There’s fifteen minutes before the game. The excitement of the crowd permeates through the fading colour of the away dugout walls. Sat all around me are seventeen pairs of eyes, looking at me with expectation. I turn, pointing to the door: “you don’t need to hear anything from me, you know what to do.” I cross to a young goalkeeper, about to make his first appearance. I’ve watched him grow as a footballer from his first game in the youth team almost three seasons ago. “You’ve got what it takes, there’s no pressure” I tell him. He seems to have relaxed. My star striker, signed from non-league, looks to have switched off so I point him out “keep it up; I expect a performance from you tonight!” The bell goes and the players leave the dressing room and take to the pitch. My words, customised using the game’s team talk option, ringing in their ears.
San Marino FC’s first league game in the Serie A is a resounding success, winning convincingly 3-0. I’ve never been more proud of pixelated football players.
This is your life in Football Manager (FM) series. You’re thrust into one of the most stressful, yet highly paid, jobs in world sport. The series that started as Championship Manager in 1992 has been running for 21 years and developer Sports Interactive has seen the game all the way from the bedroom (quite literally, founders Paul and Oliver Collyer designed the game in their Shropshire home) to the heights of having millions of fans worldwide. The series is renowned for its tactical accuracy and in depth knowledge of the football world, so much so that real football clubs use the game’s scouting system to find potential players.
I am asked by people, often who have seen me playing it, “Why do you even play this game, isn’t it just a glorified spreadsheet?”
You can see how people would look at Football Manager’s interface and make that assumption. The tactics screen, in many iterations of the game, has been comprised of sliders, drop-down lists and check boxes, often for every single player or position. After remembering what each facet of the game does, you do sometimes end up feeling like you’ve entered the Matrix. Each option does have a use, and even minor tweaks can affect how your players can play, which has lead to a vibrant online community springing up around the game, sharing tactics and formations that they have all used to gain glory. The game’s tactical depth is mocked by some, and every year clubs get letters from FM players offering to take the manager’s position thanks to their experience in the game. Everyone is an armchair tactician in the pub, in the stands and even on nights out you can hear people criticizing Arsene Wenger’s transfer policy. Football Manager gives those armchair strategists the chance to prove their worth. Indeed, stranger things have happened. Student Vugar Huseynzade was promoted to manager of FC Baku’s reserve team based on his success with the same club in Football Manager 2011.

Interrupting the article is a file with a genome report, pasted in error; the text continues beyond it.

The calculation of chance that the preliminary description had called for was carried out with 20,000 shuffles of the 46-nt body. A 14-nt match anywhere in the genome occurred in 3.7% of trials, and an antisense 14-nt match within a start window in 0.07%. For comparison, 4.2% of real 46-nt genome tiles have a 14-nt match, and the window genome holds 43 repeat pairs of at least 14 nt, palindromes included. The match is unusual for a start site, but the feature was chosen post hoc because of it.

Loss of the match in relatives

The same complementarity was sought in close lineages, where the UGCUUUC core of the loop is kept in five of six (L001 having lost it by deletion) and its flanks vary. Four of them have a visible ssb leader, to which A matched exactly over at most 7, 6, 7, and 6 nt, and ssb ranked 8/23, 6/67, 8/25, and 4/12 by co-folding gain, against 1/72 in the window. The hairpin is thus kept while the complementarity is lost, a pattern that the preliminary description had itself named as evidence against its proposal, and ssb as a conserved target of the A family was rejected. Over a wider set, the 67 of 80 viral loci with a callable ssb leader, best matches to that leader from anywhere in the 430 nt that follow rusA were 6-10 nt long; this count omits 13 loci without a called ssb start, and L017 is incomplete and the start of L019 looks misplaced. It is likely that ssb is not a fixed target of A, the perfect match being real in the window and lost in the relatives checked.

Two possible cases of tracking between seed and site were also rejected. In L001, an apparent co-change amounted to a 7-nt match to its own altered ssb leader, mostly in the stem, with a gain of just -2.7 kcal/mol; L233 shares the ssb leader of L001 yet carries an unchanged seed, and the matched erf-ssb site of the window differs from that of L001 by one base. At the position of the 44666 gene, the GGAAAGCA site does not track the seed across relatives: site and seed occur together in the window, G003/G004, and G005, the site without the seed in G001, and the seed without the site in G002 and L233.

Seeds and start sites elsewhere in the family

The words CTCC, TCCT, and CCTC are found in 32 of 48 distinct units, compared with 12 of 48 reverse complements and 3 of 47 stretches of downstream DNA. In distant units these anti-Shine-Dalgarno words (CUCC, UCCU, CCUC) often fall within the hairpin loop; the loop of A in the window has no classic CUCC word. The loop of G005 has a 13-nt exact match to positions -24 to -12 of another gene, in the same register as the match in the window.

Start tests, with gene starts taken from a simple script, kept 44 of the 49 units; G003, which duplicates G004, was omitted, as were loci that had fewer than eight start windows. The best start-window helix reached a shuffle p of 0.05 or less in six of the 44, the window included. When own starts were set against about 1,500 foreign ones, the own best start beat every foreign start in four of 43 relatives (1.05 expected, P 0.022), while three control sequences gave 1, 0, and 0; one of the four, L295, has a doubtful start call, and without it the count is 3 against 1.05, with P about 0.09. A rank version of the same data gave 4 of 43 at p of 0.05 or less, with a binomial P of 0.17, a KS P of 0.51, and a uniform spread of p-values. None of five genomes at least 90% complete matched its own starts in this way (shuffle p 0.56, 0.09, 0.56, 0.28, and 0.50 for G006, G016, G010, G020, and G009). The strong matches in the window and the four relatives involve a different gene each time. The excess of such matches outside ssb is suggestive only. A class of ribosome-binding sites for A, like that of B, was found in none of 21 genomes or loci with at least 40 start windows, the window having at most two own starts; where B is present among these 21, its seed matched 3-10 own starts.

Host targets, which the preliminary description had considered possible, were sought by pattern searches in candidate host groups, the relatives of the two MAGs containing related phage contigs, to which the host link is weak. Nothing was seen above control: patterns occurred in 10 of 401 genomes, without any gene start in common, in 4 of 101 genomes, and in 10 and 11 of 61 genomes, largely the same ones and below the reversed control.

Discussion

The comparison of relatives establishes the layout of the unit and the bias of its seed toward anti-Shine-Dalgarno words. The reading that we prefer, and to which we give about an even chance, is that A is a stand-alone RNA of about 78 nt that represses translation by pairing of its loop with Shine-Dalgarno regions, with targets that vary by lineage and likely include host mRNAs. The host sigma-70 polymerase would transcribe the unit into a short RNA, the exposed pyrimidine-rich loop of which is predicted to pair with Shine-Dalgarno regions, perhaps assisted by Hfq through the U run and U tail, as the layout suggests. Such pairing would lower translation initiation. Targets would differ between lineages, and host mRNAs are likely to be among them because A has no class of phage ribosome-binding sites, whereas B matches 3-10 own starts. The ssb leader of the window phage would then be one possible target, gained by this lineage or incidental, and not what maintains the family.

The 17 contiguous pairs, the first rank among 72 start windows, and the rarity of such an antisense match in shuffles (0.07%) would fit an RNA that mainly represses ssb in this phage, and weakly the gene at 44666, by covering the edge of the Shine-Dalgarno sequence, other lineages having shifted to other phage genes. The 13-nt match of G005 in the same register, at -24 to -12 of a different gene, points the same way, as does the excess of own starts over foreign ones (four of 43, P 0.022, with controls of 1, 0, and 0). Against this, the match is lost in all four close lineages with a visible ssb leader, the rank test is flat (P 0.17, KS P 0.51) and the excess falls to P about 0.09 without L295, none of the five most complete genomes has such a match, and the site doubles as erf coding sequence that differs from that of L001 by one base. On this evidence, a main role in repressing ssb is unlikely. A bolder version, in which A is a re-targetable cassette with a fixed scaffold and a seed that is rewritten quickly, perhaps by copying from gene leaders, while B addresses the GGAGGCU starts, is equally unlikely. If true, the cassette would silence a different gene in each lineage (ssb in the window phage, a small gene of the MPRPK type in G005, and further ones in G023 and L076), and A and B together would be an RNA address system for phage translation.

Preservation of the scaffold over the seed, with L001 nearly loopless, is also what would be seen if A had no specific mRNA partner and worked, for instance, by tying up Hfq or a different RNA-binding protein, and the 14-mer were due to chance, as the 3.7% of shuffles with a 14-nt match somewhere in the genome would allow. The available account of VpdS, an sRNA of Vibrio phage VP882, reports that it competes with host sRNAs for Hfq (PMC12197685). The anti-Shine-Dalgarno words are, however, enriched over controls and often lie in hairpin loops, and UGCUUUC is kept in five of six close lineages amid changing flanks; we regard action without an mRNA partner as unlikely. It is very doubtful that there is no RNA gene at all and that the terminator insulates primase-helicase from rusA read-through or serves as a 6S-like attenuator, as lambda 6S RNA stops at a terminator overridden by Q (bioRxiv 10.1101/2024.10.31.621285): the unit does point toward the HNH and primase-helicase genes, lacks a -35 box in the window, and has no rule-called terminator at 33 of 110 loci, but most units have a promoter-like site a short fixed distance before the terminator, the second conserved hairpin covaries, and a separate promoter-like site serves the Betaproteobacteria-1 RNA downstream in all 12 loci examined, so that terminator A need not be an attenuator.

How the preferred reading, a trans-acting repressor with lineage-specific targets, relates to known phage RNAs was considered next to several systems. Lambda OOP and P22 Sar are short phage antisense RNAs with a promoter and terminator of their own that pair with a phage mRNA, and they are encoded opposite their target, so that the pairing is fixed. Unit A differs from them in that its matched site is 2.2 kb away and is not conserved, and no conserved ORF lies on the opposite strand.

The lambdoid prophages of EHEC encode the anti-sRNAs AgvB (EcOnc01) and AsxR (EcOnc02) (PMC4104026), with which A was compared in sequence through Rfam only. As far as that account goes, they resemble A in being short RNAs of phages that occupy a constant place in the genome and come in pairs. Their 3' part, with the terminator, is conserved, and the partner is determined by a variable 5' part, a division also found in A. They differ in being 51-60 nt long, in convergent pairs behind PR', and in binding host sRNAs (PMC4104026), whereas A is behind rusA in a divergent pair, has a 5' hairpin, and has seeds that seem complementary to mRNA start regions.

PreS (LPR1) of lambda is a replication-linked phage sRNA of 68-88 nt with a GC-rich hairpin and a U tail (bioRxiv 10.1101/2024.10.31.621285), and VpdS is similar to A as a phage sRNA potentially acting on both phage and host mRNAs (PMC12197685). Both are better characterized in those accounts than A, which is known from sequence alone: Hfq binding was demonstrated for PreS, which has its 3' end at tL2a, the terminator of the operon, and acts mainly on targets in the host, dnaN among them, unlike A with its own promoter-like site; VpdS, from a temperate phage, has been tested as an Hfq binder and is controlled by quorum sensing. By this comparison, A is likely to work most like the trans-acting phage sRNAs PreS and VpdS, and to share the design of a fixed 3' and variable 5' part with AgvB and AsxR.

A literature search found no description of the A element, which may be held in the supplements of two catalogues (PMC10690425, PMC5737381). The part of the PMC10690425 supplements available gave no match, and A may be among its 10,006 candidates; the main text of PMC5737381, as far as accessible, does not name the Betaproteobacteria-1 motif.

Football Manager is known for its addictiveness. I had never considered playing the sim until 2010, preferring the more action-orientated FIFA series. Someone lent me the demo, and suddenly my evening had gone from 7PM to 4AM in what seemed like half an hour. Since that fateful day I have racked up a horrendous amount of hours on the series (2857 at time of writing). There are a number of reason that keep players coming back time and time again. One reddit user told me that “no other game gives me the same immersion or emotional response … to go from sublime joy of scoring a late minute winner to the absolute stomach wrenching feeling of watching your team concede in the final minutes.” The immersion is an important factor in the game. Every player has a personality, and they will let you know what they think of your tactics, team talks and general policy. You get to know each player quite intimately, so much so that you find yourself confusing their actions in the game with actions in the real world. More than a few times I have found myself disliking a player in real life only to realise I did so because they were rude to me on Football Manager. Being able to manage your favourite team gives players the chance to interact with football at a deeper level than standing in the terraces, interacting with all the stars you see from far away on a Saturday up close and personal in the game.
The series shows no sign of slowing down, with Football Manager 2014 having been announced a short time ago. It’s consistently been in the top five games played on Steam by player count, and there are gamers I know out there with game hours that put even mine to shame. The game turned me from journeyman football supporter with no real knowledge of the wider game into a tactical guru*. Football Manager stands head, shoulders, shin pads and studs above other sims in the genre, and looks to hold that place for a long time to come.
To quickly return to that San Marino side: Serie A champions 2016 and Champions League winners 2020. I Thought I’d just gloat about that while I had the chance.
*May not be true.
Thanks to reddit.com users “Swolo” and “Bill_and_Ben” for their input.